The book by OEH professor Joseph Allen, PhD, provides insight for physicians about the causes of burnout and possible solutions.
Press Release from DFPM partner, the Rocky Mountain Center for Occupational & Environmental Health:
For all of its perks, being a physician is also immensely stressful. Long hours under intense conditions. The weight of being responsible for patients’ health and well-being. Reams of paperwork piling up on the desk.
Throw in a pandemic that strained the health care system and its workers to their limits and it’s easy to understand why physicians are suffering from burnout at alarming rates.
What’s harder is fixing the problem. That’s where Dr. Joseph Allen, PhD, a University of Utah psychologist and professor, comes in. His book “The Burned Out Physician: Managing the Stress and Reducing the Errors,” co-written with Davidson psychology professor John E. Kello, examines the issue, provides insight for physicians about what they’re experiencing and delves into solutions.
The book, published by Cambridge University Press, will be released July 21 and will be available at most major book retailers.
“Burnout among physicians can’t simply be fixed by making them more resilient,” Dr. Allen says. “We need to change the way they are expected to work. We need to change the way our hospitals operate. We need to change how our society approaches health and well-being.”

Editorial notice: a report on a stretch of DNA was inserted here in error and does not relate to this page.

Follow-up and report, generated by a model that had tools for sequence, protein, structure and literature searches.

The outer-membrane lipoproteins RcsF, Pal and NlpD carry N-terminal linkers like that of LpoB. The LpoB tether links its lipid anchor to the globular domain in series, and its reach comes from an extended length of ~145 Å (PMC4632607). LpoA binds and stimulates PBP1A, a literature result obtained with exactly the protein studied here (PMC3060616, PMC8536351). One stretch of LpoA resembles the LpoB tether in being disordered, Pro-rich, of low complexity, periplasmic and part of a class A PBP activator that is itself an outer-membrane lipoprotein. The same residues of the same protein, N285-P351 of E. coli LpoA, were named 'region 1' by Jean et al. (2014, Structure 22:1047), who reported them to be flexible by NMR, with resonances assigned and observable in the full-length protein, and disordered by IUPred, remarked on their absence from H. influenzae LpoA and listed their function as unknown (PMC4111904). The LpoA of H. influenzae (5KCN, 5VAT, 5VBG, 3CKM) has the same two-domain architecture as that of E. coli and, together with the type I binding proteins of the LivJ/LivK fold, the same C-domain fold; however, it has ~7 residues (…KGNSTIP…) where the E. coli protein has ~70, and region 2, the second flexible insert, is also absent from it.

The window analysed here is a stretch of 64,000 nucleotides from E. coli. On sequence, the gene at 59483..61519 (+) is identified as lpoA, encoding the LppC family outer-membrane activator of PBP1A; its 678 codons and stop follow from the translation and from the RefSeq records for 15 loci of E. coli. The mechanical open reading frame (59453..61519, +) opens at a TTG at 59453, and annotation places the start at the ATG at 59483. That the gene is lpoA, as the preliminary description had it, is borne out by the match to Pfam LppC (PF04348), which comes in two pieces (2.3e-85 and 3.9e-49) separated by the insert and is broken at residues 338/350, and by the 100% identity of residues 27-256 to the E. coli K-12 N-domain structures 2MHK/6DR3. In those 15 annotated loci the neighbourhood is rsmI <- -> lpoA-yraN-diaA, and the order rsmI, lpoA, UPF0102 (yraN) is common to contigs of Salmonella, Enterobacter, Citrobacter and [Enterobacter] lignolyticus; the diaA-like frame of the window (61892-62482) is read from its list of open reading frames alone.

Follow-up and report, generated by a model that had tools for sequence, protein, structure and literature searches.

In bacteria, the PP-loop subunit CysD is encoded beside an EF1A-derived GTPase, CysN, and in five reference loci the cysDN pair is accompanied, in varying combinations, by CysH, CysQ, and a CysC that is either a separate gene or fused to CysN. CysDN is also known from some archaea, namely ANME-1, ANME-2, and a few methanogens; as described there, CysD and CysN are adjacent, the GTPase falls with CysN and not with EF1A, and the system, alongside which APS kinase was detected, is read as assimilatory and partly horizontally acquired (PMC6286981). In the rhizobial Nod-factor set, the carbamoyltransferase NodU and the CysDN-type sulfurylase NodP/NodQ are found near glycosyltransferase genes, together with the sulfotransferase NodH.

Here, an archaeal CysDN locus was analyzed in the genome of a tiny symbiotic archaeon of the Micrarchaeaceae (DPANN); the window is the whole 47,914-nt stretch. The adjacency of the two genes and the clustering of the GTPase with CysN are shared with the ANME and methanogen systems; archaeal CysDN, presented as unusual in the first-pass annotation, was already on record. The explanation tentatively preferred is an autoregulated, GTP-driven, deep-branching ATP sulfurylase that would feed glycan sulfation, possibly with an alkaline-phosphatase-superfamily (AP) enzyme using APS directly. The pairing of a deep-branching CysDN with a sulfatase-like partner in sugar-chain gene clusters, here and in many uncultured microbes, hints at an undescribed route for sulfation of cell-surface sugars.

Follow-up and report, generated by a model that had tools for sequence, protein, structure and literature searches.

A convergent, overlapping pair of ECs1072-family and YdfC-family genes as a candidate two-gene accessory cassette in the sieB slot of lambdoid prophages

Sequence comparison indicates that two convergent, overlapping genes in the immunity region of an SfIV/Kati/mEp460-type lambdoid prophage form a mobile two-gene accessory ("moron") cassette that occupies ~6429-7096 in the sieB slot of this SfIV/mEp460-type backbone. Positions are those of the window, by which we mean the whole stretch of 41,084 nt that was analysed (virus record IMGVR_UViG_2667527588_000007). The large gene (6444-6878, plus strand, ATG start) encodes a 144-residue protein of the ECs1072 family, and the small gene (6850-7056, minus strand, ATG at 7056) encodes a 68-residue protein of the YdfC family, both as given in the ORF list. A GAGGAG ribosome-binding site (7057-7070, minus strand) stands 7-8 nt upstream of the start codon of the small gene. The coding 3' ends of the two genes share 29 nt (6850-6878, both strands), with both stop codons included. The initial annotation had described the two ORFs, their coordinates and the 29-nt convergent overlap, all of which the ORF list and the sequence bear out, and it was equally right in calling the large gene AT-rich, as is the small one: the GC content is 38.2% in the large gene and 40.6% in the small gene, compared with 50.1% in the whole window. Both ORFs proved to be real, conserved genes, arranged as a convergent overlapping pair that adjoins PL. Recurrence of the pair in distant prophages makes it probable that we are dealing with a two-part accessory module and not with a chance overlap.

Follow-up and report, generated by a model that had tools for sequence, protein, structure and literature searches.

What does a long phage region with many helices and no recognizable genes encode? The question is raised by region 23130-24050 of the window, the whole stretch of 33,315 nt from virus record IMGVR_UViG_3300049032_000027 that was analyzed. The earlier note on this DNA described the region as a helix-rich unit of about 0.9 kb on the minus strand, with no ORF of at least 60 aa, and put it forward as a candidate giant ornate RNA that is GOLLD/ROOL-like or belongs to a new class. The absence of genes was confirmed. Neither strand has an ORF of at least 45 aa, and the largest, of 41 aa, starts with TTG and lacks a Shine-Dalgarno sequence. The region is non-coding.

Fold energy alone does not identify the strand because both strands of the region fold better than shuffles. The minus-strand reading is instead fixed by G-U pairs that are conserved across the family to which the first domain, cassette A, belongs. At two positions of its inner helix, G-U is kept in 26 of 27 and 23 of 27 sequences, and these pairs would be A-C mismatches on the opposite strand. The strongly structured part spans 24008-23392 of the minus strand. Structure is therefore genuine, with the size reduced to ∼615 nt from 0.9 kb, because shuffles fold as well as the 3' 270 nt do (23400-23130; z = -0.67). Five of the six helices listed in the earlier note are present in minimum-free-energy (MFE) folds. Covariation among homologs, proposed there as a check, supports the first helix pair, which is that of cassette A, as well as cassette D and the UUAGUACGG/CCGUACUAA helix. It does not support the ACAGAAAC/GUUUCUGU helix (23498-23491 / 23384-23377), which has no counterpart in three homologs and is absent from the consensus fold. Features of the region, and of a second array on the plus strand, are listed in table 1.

“The Burned Out Physician” helps doctors and other health care professionals recognize the signs of burnout with a checklist of symptoms and provides strategies for alleviating the problem. But the issue is not something that only affects physicians. It matters to anyone who interacts with the health care system -- and that's pretty much everyone. The book acknowledges this and is also meant to serve as a guide for patients, helping them understand what their doctors are confronting and what it means for their care.
“This book is a labor of love,” Dr. Allen says. “We love our doctors. They take care of us. But, they are burning out and quitting the profession in droves. This book gives answers to what patients, the physicians themselves, managers, organizations, and societies can do to solve the burnout problem.”
Copies of “The Burned Out Physician” are available for review upon request.